Making Fertility Treatment Fair: Equality in Access, Equality in Outcome

16 December 2022

Progress Educational Trust’s third virtual annual conference took place on 7 December 2022 entitled “Making Fertility Treatment Fair: Equality in Access, Equality in Outcome?”. Louisa Ghevaert was delighted to attend the event and join the debate addressing global reproductive issues and access to fertility care.

Women’s Health Strategy for England

Professor Dame Lesley Regan, the Women’s Health Ambassador for England and Professor of Obstetrics and Gynaecology at Imperial College’s St Mary’s Hospital Campus, and Honorary Consultant in Gynaecology at the Imperial College NHS Trust, discussed ongoing issues and challenges associated with women’s healthcare and accessing fertility treatment across the country.

Professor Dame Lesley Regan explained that the origins of the Women’s Health Strategy for England came about as way of seeking to re-address women’s health agenda and shine a light on taboo subjects in women’s health. She explained that that there was much ignorance around the enormity of the challenges women face accessing healthcare. This led to the “Better for Women” report in 2019 published by the Royal College of Obstetricians and Gynaecologists which identified ways to wrap healthcare services around women and deliver cost-effective solutions to prevent girls and women falling through the cracks of our health systems. It also called for the creation of strategies for women’s health based on a whole-of-life approach to meet areas of unmet need, including: contraception, abortion, assisted conception, menopause, breast cancer, cervical cancer, gendered lens across research and data resulting in policies based on a majority of male subjects and violence against women and its impact on health.

This in turn led in July 2022 to the government’s publication of its first ever Women’s Health Strategy for England. She went on to highlight that fertility is time-limited and that we need to do a lot more to prepare teenagers for this through education initiatives at school, in magazines and social media including through Tik-Tok video campaigns to explain to young women that ‘ovaries get worn out’ to help them ‘take charge of their fertility’. She added ‘So, I think the education side of it is absolutely crucial. And I don’t think it should just be schools, I think it should be all of us in society making sure that we give adolescents the tools that they need to make the best decisions for themselves later in life – and I include the boys in that as well as the girls.’

Professor Dame Lesley Regan concluded that she hoped that in the future the fertility aspects of the Women’s Health Strategy will be successfully implemented to include:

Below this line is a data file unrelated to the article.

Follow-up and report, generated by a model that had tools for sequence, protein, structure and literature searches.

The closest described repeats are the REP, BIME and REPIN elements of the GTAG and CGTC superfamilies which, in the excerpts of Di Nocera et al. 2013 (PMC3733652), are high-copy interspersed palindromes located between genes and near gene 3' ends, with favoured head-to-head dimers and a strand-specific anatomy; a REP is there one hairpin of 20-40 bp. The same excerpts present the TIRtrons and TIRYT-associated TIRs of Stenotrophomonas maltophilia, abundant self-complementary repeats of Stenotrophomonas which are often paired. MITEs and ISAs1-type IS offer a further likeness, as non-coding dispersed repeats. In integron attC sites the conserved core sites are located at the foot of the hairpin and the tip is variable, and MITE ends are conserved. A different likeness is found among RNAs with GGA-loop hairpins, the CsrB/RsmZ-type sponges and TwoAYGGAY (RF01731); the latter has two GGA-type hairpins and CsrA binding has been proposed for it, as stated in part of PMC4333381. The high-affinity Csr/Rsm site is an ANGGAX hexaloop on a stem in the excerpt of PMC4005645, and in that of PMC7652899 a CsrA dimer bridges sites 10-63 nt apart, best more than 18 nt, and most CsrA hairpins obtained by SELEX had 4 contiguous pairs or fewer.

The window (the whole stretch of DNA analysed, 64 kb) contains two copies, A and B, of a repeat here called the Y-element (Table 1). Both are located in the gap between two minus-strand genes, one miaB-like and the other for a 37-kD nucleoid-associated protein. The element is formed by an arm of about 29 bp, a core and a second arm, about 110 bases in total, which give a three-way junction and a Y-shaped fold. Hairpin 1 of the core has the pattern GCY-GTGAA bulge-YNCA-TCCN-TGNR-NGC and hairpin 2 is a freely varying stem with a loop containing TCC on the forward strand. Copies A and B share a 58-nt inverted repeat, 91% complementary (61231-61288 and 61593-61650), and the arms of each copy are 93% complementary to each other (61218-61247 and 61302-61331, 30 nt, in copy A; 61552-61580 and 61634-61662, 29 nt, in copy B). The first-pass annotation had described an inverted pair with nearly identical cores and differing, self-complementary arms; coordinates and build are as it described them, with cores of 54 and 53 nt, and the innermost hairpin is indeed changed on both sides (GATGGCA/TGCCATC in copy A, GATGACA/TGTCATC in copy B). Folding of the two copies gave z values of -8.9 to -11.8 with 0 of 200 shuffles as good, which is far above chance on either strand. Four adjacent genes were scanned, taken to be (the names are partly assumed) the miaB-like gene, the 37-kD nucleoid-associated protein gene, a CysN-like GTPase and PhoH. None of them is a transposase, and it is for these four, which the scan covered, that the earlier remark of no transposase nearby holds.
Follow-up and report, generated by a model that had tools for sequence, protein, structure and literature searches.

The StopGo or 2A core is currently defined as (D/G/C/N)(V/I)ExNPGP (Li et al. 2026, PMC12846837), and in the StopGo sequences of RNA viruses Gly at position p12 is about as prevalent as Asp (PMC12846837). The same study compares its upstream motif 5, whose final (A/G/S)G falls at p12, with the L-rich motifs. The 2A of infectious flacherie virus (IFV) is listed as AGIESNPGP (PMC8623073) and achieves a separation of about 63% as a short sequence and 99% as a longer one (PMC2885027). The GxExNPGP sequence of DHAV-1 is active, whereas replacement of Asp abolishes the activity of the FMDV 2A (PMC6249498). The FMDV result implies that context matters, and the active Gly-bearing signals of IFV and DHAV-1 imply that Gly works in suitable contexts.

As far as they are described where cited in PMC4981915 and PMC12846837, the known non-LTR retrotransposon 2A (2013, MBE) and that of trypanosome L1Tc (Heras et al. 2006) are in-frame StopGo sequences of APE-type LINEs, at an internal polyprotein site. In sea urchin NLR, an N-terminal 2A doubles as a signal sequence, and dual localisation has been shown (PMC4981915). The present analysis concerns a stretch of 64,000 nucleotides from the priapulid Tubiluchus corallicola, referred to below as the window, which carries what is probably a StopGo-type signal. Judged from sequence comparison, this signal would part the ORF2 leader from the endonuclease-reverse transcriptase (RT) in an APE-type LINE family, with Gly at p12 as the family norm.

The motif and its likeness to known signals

• Access to fertility treatment should be determined by need not geography and patients should be able to access 3 cycles of IVF on the NHS anywhere in the country.
  • Those going through fertility treatment should have access to better information and ‘add on treatments’ should be regulated.
  • The reproductive genomic sector should be subject to greater regulation.
  • A large proportion of women’s fertility lies outside of mainstream medical infrastructure and this needs to change.

Infertility and the World Health Organization Agenda

Dr Gitau Mburu, a scientist at the World Health Organization (WHO) looked at issues associated with delivering universal access to fertility care across the globe. He explained that infertility represents a significant global burden, with recent estimates reporting that 48 – 72 million couples are battling infertility worldwide. He explained that there have now been over 8 million babies born through assisted conception as a result of the confluence of advanced maternal and paternal age. He added that this in turn drives fertility preservation needs, longer embryo freezing terms and issues accessing fertility treatment.

Dr Gitau Mburu highlighted the disparities in availability of fertility care globally, which particularly affects low and middle income countries. He explained that the cost and affordability of assisted reproductive technology limits access to care, resulting in most coverage in high income settings. He added that transnational reproduction is also a feature in most regions.

Dr Gitau Mburu explained that only 34 percent of countries have assisted reproductive technology legal regulatory frameworks. In addition, there continues to be low awareness of fertility and infertility, coupled with inadequate national fertility education initiatives globally. This results in poorer maternal and neonatal outcomes and many people overestimating their chance of conceiving. He went on to highlight the importance of the right to decide if and when to have children and that this should be part of the right to health and healthcare. As a result, he explained that a comprehensive range of actions are needed, including:

  • Inclusion of infertility in national guidelines and policies on sexual and reproductive health.
  • National health policies and strategies.
  • Cascading of clinical WHO Guidelines.

Dr Gitau Mburu also followed on from Professor Dame Lesley Regan’s recommendations that if a teenager is old enough to be taught about contraception and avoiding unplanned pregnancy, then they are ready to be taught about the limits to their fertility potential as well.

Fertility perspectives from the Human Fertilisation and Embryology Authority

Julia Chain, Chair of The Human Fertilisation and Embryology Authority (HFEA), explained how the HFEA continues to work to improve access to fertility treatment for all. She acknowledged a level of frustration that the pace of change takes longer than expected and that inequalities in women’s healthcare remain. However, she welcomed the publication of the first Women’s Health Agenda for England in July 2022 and the ways it seeks to improve access to fertility treatment.